Department of Music
Performativity: A Paradigm for the Studies of Art and Culture
Copenhagen, November/December 2004
INVITATION and CALL FOR PAPERS
PERFORMATIVITY: A PARADIGM FOR THE STUDIES OF ART AND CULTURE
A 4-day symposium
November 30 - December 3, 2004
The Copenhagen Doctoral School in
Cultural Studies, Literature, and the Arts
During the last decades we have witnessed a shift within the humanities from
considering texts and artefacts as paradigmatic manifestations of culture toward the
recognition of the central importance of the performative. This transition from a
textual to a performative paradigm invites renewed investigations of the dynamic and
processual aspects of culture and reveals new perspectives for cultural studies and
studies of the arts by highlighting and comparing diverse forms of performative
practices within these fields.
Contemporary theories of performativity merge impulses from philosophy of language
and linguistics, from anthropology, psychology, and from art studies - most
prominently from theatre studies. Thus, the concept of performativity implies a
strong interdisciplinary impetus, reshaping our fields of study, challenging
traditional disciplinary boundaries, and opening new ways of approach to new as well
as old subject matters.
The main aims of the symposium are:
- to present and discuss current theories of performativity and thus further
the interdisciplinary theoretical development in the field
- to investigate the interaction of the theoretical discourse of performativity
with relevant current artistic manifestations (performance art and others)
- to try out the possibilities of a performative approach to historically more
distant subject matters.
We strongly emphasize the interdisciplinary character of the symposium and welcome
researchers and PhD students from the whole range of cultural studies, from
literature and art studies including architecture and design, as well as from
anthropology and from psychological, linguistic and philosophical disciplines working
with theoretical aspects of performativity.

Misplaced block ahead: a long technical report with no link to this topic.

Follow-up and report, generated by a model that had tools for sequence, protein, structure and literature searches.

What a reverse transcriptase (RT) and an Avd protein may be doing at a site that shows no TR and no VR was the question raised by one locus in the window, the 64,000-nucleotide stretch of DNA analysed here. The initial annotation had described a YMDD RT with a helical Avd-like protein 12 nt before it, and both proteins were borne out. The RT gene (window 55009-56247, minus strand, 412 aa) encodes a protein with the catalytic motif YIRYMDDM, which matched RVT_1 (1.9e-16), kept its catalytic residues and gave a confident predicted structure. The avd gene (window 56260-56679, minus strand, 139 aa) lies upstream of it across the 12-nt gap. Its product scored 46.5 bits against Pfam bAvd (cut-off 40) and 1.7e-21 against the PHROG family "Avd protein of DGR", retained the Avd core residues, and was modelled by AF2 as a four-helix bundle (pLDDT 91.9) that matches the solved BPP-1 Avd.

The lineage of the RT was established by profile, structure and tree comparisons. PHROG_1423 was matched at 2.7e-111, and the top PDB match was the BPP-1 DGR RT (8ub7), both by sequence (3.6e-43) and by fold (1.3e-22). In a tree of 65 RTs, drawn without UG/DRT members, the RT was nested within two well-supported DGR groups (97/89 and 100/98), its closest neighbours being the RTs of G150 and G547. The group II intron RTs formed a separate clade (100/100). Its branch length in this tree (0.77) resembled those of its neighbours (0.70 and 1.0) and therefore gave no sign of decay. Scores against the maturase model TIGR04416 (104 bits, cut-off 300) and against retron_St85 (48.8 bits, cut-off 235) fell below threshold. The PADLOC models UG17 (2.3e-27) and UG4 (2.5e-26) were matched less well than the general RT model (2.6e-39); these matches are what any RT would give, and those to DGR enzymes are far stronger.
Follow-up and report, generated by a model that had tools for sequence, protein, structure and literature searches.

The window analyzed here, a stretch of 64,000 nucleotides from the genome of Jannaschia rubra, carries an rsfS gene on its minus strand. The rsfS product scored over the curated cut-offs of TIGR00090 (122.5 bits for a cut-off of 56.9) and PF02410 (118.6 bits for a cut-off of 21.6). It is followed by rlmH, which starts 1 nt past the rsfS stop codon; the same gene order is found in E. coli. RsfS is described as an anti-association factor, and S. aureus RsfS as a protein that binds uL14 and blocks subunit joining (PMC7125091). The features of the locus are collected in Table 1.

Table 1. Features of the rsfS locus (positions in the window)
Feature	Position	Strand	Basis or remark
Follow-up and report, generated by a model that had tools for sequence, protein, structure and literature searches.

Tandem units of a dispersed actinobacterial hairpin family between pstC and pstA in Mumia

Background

Tuesday: Prof. Erika Fischer-Lichte (Theater Studies), Berlin
Wednesday: Prof. Nicholas Cook, (Musicology), London
Thursday: Prof. Helga de la Motte-Haber (Musicology), Berlin
Friday: Prof. Kirsten Hastrup, (Anthropology), Copenhagen
Invited lecturers and shorter presentations:
The program includes shorter presentations (see below) and a number of presentations
by invited lecturers, among these a group of researchers from the German research
programme 'Kulturen des Performativen'.
The symposiums working language is English.
Registration and proposal for papers:
The symposium is open for PhD-students and researchers. Please register with Lise
Munch firstname.lastname@example.org no later than October 3, 2004.
Doctoral students and researchers are invited to present 20-minute papers in all
fields related to the general theme. A short proposal of the paper to be presented
must be submitted to Lise Munch email@example.com no later than October 3, 2004.
Confirmation with an exact programme will be sent to the participants after the
There is no fee for participating. But please note that we cannot offer financial or
practical support for travel and accommodation. We will, however, be happy to provide
letters of support for those applying for travel funds from their own institutions.
University of Copenhagen, the Faculty of Humanities, Njalsgade 80, 2300 Copenhagen
S. The university is situated near the town centre.
Berliner Luft - between performance and lecture:
Integrated in the program of the symposium are two 'performance-lectures' with
artists from Berlin's performance-scene arranged in cooperation with Kanonhallen and
The Goethe Institute in Copenhagen.
· A dinner-conversation about immigration and integration policy with the
Belgrade born Tanja Ostojic. An autobiographic and extended example of
Tuesday 30th November, 17.00. Stærekassen, The Royal Theatre. Kgs. Nytorv DK
1055 Copenhagen K.
· 'Enzyklopädie der Performancekunst' with Wagner-Feigl-Forschung. A
performance lecture on the history of performance. Thursday 2nd December at
18.00. Kanonhallen, Øster Fælled Torv 37, DK 2100 Copenhagen Ø.
Søren Møller Sørensen, associate professor, Department of Musicology, University of
Lise Munch, Department of Musicology, University of Copenhagen, Klerkegade 2, DK-1308
Kbh. K, (firstname.lastname@example.org)
Kirsten Zeuthen, The Copenhagen Doctoral School in Cultural Studies, Literature, and
the Arts (email@example.com)
Abstracts and updated program are available on the web-site:
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